Read Part 2 in the series: How We Look for a Good Fit
You have done your due diligence in qualifying a potential partnership, so now the next step is to put an agreement in place. This is the critical juncture where the framework is built to structure the partnership, including establishing the critical details like licensing, commercials, etc. Getting these key specifics right in the initial conversations benefits both partners and clients alike and accelerates the road to revenue.
In the world of b2b data licensing, there are many questions to think through at this stage:
- What product(s) are we offering?
- Who owns the customer relationship?
- How is the data priced?
- What incentives are in place for the client? For the partner?
In some cases, a partner may express interest in all the products you have. However, during the initial engagement, it’s critical to use the 80/20 rule and focus on the key metric: which products are going to drive the most revenue.
At Whitepages Pro, we offer five products – Identity Check, Lead Verify, Reverse Phone, Phone Intelligence, and Phone Reputation – and return over 75 unique data attributes on a single query. Now, add our offering to the partner’s full line (there are over 25 unique products on the Twilio marketplace alone). That is a lot of information for a Twilio sales rep or account manager to learn, master, and then be able to communicate back to a client or prospect accurately. This is why the 80/20 rule is important. It’s difficult to train partners on your products, so focusing on key products will help drive revenue sooner. If you and your partners are able to establish the key value-add product early in the engagement and thoroughly train all client-facing staff, serving end customers becomes more efficient, successful, and scalable and, ultimately, drives more revenue for everyone.
Managing the Customer Relationship
There are several key factors related to managing customer relationships, including contractual, financial, and account support. Reaching the right mix of these variables requires collaboration with the partner under the mutual goal of providing the best customer experience.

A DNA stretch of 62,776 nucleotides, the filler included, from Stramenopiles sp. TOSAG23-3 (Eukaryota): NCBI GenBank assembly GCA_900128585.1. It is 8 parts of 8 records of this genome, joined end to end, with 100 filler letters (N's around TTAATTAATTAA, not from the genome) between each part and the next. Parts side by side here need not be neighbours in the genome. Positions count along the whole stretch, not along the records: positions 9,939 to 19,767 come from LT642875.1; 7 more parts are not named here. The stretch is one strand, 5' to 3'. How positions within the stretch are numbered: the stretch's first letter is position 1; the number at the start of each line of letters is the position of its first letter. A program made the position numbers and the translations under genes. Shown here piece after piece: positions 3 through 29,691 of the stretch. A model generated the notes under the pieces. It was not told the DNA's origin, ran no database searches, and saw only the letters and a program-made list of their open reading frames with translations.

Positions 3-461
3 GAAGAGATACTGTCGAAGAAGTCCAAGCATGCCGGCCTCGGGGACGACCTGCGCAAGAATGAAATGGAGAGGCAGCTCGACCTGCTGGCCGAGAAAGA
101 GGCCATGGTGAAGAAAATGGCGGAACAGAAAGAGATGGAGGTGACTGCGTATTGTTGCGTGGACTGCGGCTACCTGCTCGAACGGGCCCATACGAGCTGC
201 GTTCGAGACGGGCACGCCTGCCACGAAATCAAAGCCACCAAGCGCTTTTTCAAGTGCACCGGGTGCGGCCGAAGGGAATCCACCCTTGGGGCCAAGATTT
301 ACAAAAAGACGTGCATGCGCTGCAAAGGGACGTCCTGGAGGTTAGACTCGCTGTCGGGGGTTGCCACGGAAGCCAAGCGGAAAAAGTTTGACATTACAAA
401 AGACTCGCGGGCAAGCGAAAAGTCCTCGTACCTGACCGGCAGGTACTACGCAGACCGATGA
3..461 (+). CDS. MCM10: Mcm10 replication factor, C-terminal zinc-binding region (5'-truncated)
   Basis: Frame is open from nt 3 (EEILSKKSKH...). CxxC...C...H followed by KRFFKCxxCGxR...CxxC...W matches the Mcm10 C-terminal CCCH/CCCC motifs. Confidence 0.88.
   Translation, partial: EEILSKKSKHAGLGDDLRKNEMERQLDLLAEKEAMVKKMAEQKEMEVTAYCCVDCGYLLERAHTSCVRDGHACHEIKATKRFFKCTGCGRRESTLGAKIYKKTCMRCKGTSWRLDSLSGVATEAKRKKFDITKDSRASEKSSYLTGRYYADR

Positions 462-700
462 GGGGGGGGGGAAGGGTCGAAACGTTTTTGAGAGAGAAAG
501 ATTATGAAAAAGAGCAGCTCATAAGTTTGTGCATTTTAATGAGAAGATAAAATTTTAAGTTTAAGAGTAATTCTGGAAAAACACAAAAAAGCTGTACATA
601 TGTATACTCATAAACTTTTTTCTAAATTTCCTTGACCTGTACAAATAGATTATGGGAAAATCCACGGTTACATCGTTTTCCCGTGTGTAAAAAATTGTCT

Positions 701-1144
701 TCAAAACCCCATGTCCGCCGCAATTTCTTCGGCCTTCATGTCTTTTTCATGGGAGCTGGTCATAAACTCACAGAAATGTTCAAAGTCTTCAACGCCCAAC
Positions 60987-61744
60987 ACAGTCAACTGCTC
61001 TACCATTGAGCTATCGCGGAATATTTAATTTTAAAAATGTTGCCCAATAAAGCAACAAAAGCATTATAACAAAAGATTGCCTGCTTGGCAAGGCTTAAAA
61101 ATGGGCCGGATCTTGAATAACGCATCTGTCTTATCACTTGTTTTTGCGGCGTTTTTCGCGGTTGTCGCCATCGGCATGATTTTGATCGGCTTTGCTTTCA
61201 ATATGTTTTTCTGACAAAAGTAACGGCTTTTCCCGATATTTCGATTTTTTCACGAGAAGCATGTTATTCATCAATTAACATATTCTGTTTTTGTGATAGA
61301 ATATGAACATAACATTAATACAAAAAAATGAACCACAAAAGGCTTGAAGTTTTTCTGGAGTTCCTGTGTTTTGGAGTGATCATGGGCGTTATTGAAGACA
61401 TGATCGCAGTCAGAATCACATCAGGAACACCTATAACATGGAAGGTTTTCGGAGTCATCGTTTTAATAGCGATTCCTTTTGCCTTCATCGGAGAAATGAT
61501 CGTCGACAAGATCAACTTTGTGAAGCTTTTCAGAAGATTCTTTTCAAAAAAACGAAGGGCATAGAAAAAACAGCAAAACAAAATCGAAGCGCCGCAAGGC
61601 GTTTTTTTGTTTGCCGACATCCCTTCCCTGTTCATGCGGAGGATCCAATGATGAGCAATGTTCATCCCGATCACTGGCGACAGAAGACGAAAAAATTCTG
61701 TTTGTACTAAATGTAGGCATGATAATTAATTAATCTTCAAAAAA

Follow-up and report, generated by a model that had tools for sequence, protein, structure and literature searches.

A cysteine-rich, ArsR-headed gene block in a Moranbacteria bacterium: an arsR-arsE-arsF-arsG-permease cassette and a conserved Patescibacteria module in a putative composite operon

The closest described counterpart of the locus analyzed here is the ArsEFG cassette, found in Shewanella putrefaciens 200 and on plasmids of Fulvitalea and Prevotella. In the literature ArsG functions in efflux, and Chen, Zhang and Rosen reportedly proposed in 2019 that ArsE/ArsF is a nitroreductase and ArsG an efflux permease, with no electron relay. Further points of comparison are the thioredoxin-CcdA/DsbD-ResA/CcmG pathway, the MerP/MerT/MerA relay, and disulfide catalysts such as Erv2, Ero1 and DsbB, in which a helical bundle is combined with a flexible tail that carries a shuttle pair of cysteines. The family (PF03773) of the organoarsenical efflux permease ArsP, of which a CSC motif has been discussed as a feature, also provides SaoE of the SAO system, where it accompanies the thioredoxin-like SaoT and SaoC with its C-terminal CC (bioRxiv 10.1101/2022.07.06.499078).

Consistency between direct and indirect channels for customers is critical with a partner-first go-to-market approach. We believe that partners accelerate the adoption of our data as well as maximize the total value received from our data. Therefore, when a partner can serve a customer better, we refer customers to that partner. Having consistent pricing and messaging between direct and indirect makes this referral process much more streamlined and better for the end user.
Additionally, many SaaS platform partners have their own pricing models that their customers are used to working with, such as pay-as-you-go or pre-paid annual. Adjusting your pricing model to fit within your partner’s paradigm can also speed adoption and ease contractual negotiations.
In our experience, it’s important to align the partnership with each parties’ sales reps and incentivize appropriately. There are a few things to think through:
- Does your sales team get compensated if they refer customers to a partner?
- Are your partner’s sales reps incentivized to push your product?
There are several tools available to answer both questions: spiffs, quota coverage, commission, etc. Leveraging these tools will ensure maximum alignment and partnership success.
Qualifying the partnership is a critical step in guaranteeing a successful partnership, but that’s where the work really begins. There are a number business terms that need to be fleshed out in order to make sure that the partnership is successful for both parties and clients alike. We hope some of these thoughts and ideas will help guide future partnership discussions in your business.
Read Part 4 in the series: The Key to a Successful Partner Integration is in the Details